Look up. I look down a lot. There are dog toys and shoes and things about. Outside, there are sticks, more dog toys, and puppy-dug holes. All sorts of things can trip one up. Add to this the natural position of hunching over a phone or laptop or notebook. But as summer turns to fall, I am reminded of the importance of looking up. I seem to have come full circle over the years. I left Kansas City loving autumn; it was my favorite season. When I moved to Minnesota, fall meant that winter was close behind, which meant months of snow and cold. Spring became my favorite season. But I have returned to loving fall. It reminds me to slow down, to relish the green of summer, to give thanks for what has been and what will be. I love the warming foods of fall, the comfort of a hot cup of tea, wooly socks that warm the toes. I love the crisp smell of the air as the temperatures cool. As I’ve waited for the trees to change colors, I’ve been looking up a lot. Looking out. Rather than run up the stairs and past the window on the landing, I pause for a second to take in the gloriousness that is the orange tree in a neighbor’s yard. I’m keeping an eye on the heart-shaped tree down the street that always turns a stunning shade of red. I’m watching the shades of blue in the sky, hazy from wildfire smoke aloft. I’m noticing that the sun has shifted position, and the light hits my desk differently now than it did just a few weeks ago. The lushness of summer is giving way to the sparseness of winter, but we’re given these weeks of transition, of moving through the letting go. Sometimes change is instant, and maybe it’s having experienced such abrupt and breathtaking shifts that has made me more aware of the grace in slow change. We have become used to instant gratification: I want this, so I order it, and it’s here the next day; I have a question, so I pull out my phone, and the answer is found immediately. We don’t always sit comfortably in the waiting time. Autumn reminds us to sit still and see the beauty in slow transformation, in prolonged gratification.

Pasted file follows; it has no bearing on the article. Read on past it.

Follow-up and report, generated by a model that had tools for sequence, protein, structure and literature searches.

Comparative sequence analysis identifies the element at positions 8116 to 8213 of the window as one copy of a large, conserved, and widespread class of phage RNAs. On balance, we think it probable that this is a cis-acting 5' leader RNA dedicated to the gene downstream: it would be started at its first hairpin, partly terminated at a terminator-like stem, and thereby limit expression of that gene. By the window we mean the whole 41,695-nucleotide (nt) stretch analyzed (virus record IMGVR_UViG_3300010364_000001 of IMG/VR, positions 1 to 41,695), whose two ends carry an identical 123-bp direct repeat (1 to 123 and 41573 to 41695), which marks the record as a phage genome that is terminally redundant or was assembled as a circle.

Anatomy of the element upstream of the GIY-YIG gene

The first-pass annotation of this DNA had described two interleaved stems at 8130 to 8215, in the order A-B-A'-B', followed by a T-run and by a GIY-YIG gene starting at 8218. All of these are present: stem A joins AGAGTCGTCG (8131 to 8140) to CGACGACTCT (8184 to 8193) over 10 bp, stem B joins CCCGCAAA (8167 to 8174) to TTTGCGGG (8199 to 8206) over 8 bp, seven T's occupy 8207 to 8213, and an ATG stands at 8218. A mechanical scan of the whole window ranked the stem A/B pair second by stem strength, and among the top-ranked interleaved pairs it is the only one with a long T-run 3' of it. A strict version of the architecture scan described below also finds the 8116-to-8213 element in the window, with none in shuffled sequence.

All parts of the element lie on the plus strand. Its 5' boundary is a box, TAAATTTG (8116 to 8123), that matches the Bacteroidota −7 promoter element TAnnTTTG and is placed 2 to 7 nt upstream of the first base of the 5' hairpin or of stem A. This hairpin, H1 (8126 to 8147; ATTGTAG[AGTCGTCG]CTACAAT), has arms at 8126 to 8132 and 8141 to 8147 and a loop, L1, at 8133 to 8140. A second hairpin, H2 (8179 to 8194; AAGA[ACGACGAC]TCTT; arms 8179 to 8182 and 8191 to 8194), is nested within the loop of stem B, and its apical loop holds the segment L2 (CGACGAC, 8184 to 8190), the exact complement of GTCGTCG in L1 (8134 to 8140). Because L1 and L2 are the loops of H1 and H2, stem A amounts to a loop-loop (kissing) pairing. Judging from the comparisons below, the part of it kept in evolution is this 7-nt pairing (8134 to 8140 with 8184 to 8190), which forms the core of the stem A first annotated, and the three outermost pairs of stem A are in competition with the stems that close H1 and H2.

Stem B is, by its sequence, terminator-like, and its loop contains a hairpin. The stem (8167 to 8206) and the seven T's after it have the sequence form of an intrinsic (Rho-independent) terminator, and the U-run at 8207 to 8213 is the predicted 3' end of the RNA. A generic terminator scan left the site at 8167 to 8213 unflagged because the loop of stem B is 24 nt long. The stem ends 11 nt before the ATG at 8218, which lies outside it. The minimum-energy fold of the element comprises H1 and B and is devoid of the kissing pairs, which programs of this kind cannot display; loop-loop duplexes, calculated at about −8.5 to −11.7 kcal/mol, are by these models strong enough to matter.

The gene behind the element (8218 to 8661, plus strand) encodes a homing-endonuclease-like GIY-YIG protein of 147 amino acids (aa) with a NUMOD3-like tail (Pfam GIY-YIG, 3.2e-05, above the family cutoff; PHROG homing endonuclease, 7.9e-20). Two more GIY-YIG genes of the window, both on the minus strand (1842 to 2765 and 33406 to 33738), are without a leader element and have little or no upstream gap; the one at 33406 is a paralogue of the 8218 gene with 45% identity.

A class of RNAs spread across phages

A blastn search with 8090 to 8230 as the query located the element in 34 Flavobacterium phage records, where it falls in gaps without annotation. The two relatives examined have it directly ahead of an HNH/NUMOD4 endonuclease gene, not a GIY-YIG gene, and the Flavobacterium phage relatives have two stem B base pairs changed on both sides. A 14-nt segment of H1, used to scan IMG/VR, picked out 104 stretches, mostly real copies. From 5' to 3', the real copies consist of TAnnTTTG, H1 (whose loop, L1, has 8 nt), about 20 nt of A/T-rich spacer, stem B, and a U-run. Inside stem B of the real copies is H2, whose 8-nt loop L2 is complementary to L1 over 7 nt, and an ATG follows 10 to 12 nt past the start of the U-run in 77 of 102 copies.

September 23, 2020